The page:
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Sino-US ties involve competition and cooperation: experts

By Zhang Niansheng, Zhang Penghui and Gao Shi (People's Daily)    10:47, June 15, 2017

Competition and cooperation have become the new normal between China and the US, said experts attending a think tank seminar in the US on Monday (US time), warning that bilateral ties will develop smoothly if cooperation prevails, but will be risky if competition takes the upper hand.

Nearly 100 Chinese and US experts exchanged views on such topics as Sino-US relations, local cooperation and the prospects of the bilateral relationship, during the US-China Think Tank Symposium in Des Moines, Iowa.

The symposium was jointly organized by Chinese Academy of Social Sciences, China Institutes of Contemporary International Relations (CICIR) and the World Food Prize Foundation (WFPF).

“The key to bilateral ties is to effectively manage competition,” said Cui Liru, former president of CICIR, suggesting consensus be reached on mutually beneficial cooperation.

Former US Ambassador to China Stapleton Roy said disagreements are normal, and what matters is to find a solution. If disagreements are not well managed and controlled, Sino-US relations will become frustrated, he warned.

"The meeting between Chinese President Xi Jinping and US President Donald Trump in Florida in April has built good cooperative and working relationships, setting an example for managing and controlling disagreements and promoting cooperation,” the former US ambassador said.

“The development of international relations doesn’t stop at such descriptions as the rise of China and the decline of the US,” said Tao Wenzhao, a researcher on US studies at the Chinese Academy of Social Sciences.

The US is much more powerful than China. However, the world is marching towards economic globalization, the democratization of international relations and polarization, Tao said, adding that China, a country on the rise, will neither start all over again nor overturn the existing system.

The symposium participants spoke highly of China-US economic and trade relations. The 100-day action plan under the four-pronged dialogue mechanisms resulting from the meeting of Xi and Trump is a good start and has yielded fruit, said Zhang Yuyan, director of the Institute of World Economics and Politics under the CASS.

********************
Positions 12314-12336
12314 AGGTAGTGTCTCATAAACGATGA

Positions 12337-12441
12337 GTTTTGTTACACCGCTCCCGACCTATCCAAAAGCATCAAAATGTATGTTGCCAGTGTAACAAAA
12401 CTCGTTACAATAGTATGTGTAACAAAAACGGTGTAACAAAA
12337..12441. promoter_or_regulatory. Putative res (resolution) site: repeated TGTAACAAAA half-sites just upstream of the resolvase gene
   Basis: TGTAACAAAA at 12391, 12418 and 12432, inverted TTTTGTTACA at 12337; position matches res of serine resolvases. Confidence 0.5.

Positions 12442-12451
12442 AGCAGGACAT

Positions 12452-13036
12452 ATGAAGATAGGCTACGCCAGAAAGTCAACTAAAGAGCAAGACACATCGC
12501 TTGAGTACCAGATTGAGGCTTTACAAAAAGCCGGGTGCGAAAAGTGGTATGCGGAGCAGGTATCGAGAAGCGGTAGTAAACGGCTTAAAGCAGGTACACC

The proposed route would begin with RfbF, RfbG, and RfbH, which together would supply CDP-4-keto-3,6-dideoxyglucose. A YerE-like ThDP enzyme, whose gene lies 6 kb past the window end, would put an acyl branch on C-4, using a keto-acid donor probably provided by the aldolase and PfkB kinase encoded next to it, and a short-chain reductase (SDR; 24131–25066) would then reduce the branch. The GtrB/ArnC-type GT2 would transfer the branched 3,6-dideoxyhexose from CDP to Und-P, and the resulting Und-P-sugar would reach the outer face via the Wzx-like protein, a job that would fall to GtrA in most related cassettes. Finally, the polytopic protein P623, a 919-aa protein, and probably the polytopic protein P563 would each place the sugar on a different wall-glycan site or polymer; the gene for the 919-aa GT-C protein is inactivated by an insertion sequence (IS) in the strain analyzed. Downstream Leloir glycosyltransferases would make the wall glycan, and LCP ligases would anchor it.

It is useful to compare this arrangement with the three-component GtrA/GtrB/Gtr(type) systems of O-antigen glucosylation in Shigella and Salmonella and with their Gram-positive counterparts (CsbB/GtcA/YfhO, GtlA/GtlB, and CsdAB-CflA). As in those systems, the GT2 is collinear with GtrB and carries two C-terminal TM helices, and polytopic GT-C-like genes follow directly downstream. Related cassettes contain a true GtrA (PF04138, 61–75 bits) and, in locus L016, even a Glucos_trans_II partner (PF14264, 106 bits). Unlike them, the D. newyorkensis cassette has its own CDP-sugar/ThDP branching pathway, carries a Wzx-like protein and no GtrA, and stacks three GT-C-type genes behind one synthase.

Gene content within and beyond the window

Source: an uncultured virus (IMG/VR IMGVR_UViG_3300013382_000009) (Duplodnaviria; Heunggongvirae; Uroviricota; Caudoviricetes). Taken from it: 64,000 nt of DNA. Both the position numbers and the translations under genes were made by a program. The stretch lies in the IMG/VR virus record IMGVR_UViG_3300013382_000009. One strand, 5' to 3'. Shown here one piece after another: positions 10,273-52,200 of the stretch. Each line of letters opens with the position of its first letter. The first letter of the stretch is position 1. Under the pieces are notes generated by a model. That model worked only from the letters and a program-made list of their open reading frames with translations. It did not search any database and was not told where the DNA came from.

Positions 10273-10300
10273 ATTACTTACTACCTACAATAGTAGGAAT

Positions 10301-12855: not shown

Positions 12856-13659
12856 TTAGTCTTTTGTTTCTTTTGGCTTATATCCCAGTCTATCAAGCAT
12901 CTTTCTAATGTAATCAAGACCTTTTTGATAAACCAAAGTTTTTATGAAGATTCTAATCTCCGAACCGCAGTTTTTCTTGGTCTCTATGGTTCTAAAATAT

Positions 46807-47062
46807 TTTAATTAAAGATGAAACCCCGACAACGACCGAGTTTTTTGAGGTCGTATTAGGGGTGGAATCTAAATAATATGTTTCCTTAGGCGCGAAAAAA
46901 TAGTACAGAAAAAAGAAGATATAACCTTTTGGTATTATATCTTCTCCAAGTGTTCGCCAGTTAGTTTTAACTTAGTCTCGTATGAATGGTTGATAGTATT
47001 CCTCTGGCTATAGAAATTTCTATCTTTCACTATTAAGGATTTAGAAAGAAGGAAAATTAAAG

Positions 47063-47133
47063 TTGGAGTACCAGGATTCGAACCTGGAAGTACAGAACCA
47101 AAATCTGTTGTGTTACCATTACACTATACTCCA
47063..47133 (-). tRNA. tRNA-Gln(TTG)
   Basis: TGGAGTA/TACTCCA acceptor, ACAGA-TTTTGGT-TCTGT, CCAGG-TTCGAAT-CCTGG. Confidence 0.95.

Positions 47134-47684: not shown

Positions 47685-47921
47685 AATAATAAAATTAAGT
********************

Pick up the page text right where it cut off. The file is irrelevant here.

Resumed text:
“China-US investment and trade enjoy great potential,” according to Zhao Jinping, research fellow and director-general of the Research Department of Foreign Economic Relations, Development Research Center of the State Council.

Zhao said that the investment environment in both countries can be further improved. In the future, the two countries will ink high-level bilateral agreements on investment, which will push trade and economic cooperation to a new high, the researcher added.

Cooperation between China and Iowa is a good example. Iowa is the second largest agricultural base in the US with an annual agricultural output of more than $30 billion. The state’s economic development is highlighted by its deepened collaboration with China.

Bill Northey, secretary of the Iowa Department of Agriculture, said thanks to increased agricultural trade between the two countries brought about by rising demand from China, more farmers in the state have expanded their cultivated area. Half of the state’s soybeans are exported to China.

“US enterprises are eager to cooperate with China,” said Wei Jianguo, vice-president of the China Center for International Economic Exchanges. Wei noted that upon their arrival in Iowa, the state’s agricultural machinery manufacturers asked them if China would cooperate more with the US side in agricultural machinery manufacturing.

WFPF president Kenneth Quinn said trade and economic cooperation will be conducive to both. And more importantly, closer collaboration in such sectors as agricultural technology and food safety are an important part and outcome of China-US economic and trade relations.

“Provincial or state level exchanges now work as new engines of bilateral exchanges. In the future, the two countries will eye more exchanges on lower levels,” said Yang Dali, senior consultant for the University of Chicago president.

Young people in the US hold a more positive impression about China than ordinary people, and they believe that the two countries will become partners, indicating they are optimistic about the future of Sino-US relations, Yang said.

Political issues used to dominate Sino-US relations, but people are delighted to see that the symposium focuses on agricultural cooperation, said Roy.

“As a close friend of the Chinese people, Iowa will always open its door to them,” Quinn said.

(For the latest China news, Please follow People's Daily on Twitter and Facebook)(Web editor: Hongyu, Bianji)

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